Robot manipulation with learned representations
Author(s)Manuelli, Lucas,Ph. D.Massachusetts Institute of Technology.
Massachusetts Institute of Technology. Department of Electrical Engineering and Computer Science.
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We would like to have robots which can perform useful manipulation tasks in real-world environments. This requires robots that can perceive the world with both precision and semantic understanding, methods for communicating desired tasks to these systems, and closed loop visual feedback controllers for robustly executing manipulation tasks. This is hard to achieve with previous methods: prior work hasn't enabled robots to densely understand the visual world with sufficient precision to perform robotic manipulation or endowed them with the semantic understanding needed to perform tasks with novel objects. This limitation arises partly from the object representations that have been used, the challenge in extracting these representations from the available sensor data in real-world settings, and the manner in which tasks have been specified. This thesis presents a family of approaches that leverage self-supervision, both in the visual domain and for learning physical dynamics, to enable robots to perform manipulation tasks. Specifically we (i) develop a pipeline to efficiently annotate visual data in cluttered and multi-object environments (ii) demonstrate the novel application of dense visual object descriptors to robotic manipulation and provide a fully self-supervised robot system to acquire them (iii) introduce the concept of category-level manipulation tasks and develop a novel object representation based on semantic 3D keypoints along with a task specification that uses these keypoints to define the task for all objects of a category, including novel instances, (iv) utilize our dense visual object descriptors to quickly learn new manipulation skills through imitation and (v) use our visual object representations to learn data-driven models that can be used to perform closed loop feedback control in manipulation tasks.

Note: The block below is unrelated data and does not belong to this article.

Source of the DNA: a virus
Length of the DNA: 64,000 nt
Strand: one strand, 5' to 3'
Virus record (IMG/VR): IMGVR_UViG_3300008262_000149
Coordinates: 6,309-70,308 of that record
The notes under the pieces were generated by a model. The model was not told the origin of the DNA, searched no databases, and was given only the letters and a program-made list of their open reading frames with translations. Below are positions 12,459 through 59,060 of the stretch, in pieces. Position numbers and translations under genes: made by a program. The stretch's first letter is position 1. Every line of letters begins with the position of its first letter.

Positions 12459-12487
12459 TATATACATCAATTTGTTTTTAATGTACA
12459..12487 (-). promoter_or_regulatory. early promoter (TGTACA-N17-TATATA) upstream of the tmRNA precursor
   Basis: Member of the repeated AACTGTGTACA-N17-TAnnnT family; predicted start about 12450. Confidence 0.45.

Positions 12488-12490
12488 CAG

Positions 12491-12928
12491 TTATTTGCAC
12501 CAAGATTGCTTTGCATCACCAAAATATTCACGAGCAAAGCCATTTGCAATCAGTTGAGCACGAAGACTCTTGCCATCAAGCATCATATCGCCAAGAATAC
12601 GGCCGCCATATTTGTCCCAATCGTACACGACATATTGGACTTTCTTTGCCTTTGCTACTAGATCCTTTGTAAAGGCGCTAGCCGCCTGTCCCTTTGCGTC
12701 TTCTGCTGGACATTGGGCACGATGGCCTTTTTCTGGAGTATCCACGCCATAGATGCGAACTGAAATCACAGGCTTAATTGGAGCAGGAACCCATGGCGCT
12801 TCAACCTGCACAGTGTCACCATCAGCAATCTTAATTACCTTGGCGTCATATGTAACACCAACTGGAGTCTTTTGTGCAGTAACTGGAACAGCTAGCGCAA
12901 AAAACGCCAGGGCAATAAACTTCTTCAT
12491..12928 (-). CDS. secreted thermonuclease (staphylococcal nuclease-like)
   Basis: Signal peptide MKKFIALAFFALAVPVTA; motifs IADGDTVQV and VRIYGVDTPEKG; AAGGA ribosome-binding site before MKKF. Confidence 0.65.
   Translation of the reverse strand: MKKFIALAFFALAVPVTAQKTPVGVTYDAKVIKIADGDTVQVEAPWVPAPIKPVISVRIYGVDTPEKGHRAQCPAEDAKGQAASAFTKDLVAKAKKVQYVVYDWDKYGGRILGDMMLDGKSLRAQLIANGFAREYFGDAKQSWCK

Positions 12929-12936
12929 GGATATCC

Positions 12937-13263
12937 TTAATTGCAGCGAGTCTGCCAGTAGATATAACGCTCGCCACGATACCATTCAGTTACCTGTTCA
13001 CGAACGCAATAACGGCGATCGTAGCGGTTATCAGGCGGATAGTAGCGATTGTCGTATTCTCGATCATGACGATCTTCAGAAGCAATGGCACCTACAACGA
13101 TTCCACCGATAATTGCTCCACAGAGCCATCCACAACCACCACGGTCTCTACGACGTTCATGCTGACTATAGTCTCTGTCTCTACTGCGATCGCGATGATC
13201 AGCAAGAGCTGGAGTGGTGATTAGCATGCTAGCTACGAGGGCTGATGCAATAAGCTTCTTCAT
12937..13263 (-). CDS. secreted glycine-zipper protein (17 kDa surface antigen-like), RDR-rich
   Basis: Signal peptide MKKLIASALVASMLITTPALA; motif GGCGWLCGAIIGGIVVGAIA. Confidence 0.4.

Thesis: Ph. D., Massachusetts Institute of Technology, Department of Electrical Engineering and Computer Science, September, 2020Cataloged from student-submitted PDF of thesis.Includes bibliographical references (pages 177-187).
DepartmentMassachusetts Institute of Technology. Department of Electrical Engineering and Computer Science
Massachusetts Institute of Technology
Electrical Engineering and Computer Science.